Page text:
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“Beach & Transportation” books

May 16, 2010 5 comments

  I have a special tenderness for what I call “beach & transportation books”. By that, I mean the books you read on the beach, in waiting rooms, airports or trains. Not Richard Powers’s literature but either totally absorbing books or read-despite-distraction books.

The first category are the best and most dangerous ones : the best because they can change a 6 hours trip in a blur and the most dangerous because they can make you miss your plane or train stop by forgetting time and place. When I lived in Paris, how many times did I get up in a hurry, just in time to get out of the metro at my station? It’s a strange feeling, like you were on another planet or day-dreaming and something hits you conscience and makes you get up and jump out of the train. You end up on the platform, a little shocked, the time for your mind to keep up with your actions and thinking “I almost forgot to get out…again”

The second category includes the books you can read and at the same time hear the speaker call for you flight or be aware of the children playing in the sand near you. You still understand the story and miss nothing important but you’re not oblivious to your environment.

It quite hard to find good “beach and transportation” books. Crime and mysteries fit the description, obviously but sometimes the rhythm of the story does not erase the poor style. Some of them are written in “subject+verb+direct object” sentences, it sounds like it was written by a computer rather than by a human-being. Once, I received The Quickie by James Patterson, a thriller written in such a bad style it was painful, even in English, which is not my mother tongue. (It helps to read bad books in a foreign language, you’re not that finicky about the style).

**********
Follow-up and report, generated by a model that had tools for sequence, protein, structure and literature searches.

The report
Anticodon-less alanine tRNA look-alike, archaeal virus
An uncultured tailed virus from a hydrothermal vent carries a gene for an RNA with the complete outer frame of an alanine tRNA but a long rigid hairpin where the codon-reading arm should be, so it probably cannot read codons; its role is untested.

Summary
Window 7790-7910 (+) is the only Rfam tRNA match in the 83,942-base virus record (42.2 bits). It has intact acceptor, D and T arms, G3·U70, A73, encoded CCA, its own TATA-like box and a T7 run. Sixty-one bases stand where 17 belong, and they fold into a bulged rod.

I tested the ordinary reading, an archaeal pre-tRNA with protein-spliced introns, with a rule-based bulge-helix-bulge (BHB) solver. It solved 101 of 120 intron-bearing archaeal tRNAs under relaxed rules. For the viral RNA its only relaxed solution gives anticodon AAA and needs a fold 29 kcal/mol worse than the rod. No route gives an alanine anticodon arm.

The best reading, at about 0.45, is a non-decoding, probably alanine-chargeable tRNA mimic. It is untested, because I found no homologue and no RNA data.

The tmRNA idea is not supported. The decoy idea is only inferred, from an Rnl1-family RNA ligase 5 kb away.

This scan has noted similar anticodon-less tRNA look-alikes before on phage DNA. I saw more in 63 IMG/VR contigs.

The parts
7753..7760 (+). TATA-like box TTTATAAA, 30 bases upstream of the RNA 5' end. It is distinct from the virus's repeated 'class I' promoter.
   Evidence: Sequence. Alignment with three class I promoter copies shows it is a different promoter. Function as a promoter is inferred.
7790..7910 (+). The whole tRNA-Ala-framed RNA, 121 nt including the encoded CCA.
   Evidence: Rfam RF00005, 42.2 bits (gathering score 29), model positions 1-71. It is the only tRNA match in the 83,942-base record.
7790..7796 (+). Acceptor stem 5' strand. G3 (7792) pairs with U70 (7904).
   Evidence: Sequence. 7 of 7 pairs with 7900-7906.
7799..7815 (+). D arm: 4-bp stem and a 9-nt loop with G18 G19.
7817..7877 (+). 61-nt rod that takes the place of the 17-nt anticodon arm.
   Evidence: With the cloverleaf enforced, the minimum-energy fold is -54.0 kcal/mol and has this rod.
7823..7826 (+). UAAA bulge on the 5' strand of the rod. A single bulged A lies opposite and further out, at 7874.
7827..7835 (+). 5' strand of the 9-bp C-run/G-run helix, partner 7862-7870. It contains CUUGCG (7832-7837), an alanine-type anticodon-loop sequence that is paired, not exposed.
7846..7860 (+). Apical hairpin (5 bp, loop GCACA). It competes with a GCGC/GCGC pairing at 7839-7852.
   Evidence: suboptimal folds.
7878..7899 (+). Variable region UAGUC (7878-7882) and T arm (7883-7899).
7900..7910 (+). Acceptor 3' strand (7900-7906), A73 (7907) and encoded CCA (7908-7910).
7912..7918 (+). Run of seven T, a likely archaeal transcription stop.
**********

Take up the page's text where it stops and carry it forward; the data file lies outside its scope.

Despite that example, it’s easier to find good crime and mysteries books for beach&transportation episodes than novels. An episode of Elizabeth George’s Linley and Barbara Havers is perfect : you just get caught by the story, and it’s never predictable.

As far as novels are concerned, it’s trickier to find some that combine both a good-enough style and a light subject that only requires a distracted mind, like the “San Francisco’s Chronicles” or some chick lit. I also like to read Philippe Djian’s novels for that. He’s a French author who weights his words (according to his interviews, you can be sure every word written was thought through) and writes stories as entertaining as good movies. I’m afraid no translation is available, except for “37°2 le matin” (“Betty Blue”).

It’s also the moment when you read what everybody reads : so you can exchange recognition looks with other passengers reading the same best-seller as you. It creates an additional bond between two co-travelers, I sometimes wish to ask these people what they think about the book, but I never dare. These books are travel companions, quickly read, quickly forgotten. They are often a mirror of their time, too rooted in the present to reach the universal touch required for books to become immortal. They are like a good movie you watch for entertainment only. They are read in situations where having too good a book would be a waste, for you would miss a lot of it, by lack of attention.

 To conclude, I don’t think these books should be despised as being some kind of under-literature, they don’t pretend to be more than entertaining. If literature were a river, where on one bank would stand the people who never open a book and on the other bank would stand the read-addicts, then “beach & transportation” books could be for some the bridge that will enable them to discover more difficult and more powerful reading.

Categories: About reading
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